Korean Air partners with Delta
The agreement offers customers expanded travel options from both airlines’ flight networks along with shared facilities and mileage programs. Rather than forming a separate corporation, the two airlines will fully integrate businesses on trans-Pacific routes by sharing costs and revenue on flights and coordinating schedules.
The joint venture is a stronger form of cooperation than codeshare agreements, which allow two or more airlines to merely share seats on the same flight; and airline alliances, which might involve shared facilities like sales offices, maintenance facilities, check-in counters and lounges as well as mileage systems.
Once the agreement is finalized, the two are expected to offer a combined service network of more than 290 flights in the Americans and 80 in Asia, according to Delta.
Customers will also receive enhanced frequent flyer benefits from both companies’ mileage programs, Delta’s Skymiles and Korean Air’s Skypass.
“This joint venture will benefit our customers by providing more convenient connection schedules and widen their opportunities in earning mileage,” said Korean Air Chairman Cho Yang-ho. “With this agreement, we will reinforce Incheon Airport’s position as a major international hub in Northeast Asia and support the growth of Korea’s aviation industry.”
Based on the memorandum of understanding, the two companies will further negotiate details of the cooperation, which will include codeshares, frequent flyer programs and strategies to grow jointly in the trans-Pacific market. The two are also considering co-location at key hubs to provide a seamless passenger and baggage transit experience.
The set date for finalizing the contract has not been disclosed. The deal also needs regulatory approval from governments before taking effect.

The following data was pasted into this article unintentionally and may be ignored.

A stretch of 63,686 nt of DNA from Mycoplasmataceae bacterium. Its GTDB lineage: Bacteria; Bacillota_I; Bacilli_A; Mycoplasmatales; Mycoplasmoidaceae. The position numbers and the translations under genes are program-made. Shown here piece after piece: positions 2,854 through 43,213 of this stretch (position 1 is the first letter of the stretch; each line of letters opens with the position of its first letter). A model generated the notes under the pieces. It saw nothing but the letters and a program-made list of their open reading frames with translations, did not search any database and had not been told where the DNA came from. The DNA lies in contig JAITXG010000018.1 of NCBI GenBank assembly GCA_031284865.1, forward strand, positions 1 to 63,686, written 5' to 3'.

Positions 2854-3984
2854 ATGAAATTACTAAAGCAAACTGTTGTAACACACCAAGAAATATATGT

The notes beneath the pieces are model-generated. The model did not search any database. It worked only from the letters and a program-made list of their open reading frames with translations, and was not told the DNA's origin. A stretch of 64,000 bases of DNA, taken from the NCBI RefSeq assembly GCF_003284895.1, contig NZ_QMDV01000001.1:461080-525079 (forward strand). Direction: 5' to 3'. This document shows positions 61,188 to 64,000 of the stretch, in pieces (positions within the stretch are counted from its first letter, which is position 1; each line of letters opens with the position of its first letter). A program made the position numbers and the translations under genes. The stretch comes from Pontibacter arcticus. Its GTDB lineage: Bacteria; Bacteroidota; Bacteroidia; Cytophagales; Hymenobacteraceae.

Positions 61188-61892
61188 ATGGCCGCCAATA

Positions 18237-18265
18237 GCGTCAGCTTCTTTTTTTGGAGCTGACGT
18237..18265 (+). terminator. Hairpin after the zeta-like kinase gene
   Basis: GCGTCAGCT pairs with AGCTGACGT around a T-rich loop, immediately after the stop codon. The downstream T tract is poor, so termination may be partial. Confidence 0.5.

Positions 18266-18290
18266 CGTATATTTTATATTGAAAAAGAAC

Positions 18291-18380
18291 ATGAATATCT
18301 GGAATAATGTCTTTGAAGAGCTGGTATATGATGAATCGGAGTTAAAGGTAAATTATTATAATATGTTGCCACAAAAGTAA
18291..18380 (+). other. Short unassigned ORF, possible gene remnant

Such close partnerships have been growing prevalent in the aviation world since 2009 as it helps airlines deliver more flying options to consumers while also growing their business with less risk incurred from adding new routes themselves.
All Nippon Airways CEO Shinya Katanozaka noted last year that passengers to and from the United States doubled in the five years since it began a joint venture relationship with United Airlines.
Similar benefits have been reported from joint ventures between American Airlines, British Airways and Iberia on trans-Atlantic services.
Delta itself has already formed two joint ventures on trans-Atlantic routes, with Air France-KLM and Alitalia, and with Virgin Atlantic.
“This agreement deepens our longstanding partnership with Korean Air and will provide the global access and seamless service our customers demand,” said Delta CEO Ed Bastian.
Korean Air and Delta have a close relationship as founding members of global airline alliance SkyTeam. Delta and affiliated carriers currently have service to 323 destinations in 57 countries, while Korean Air services 132 cities across 46 countries.
BY KIM JEE-HEE [firstname.lastname@example.org]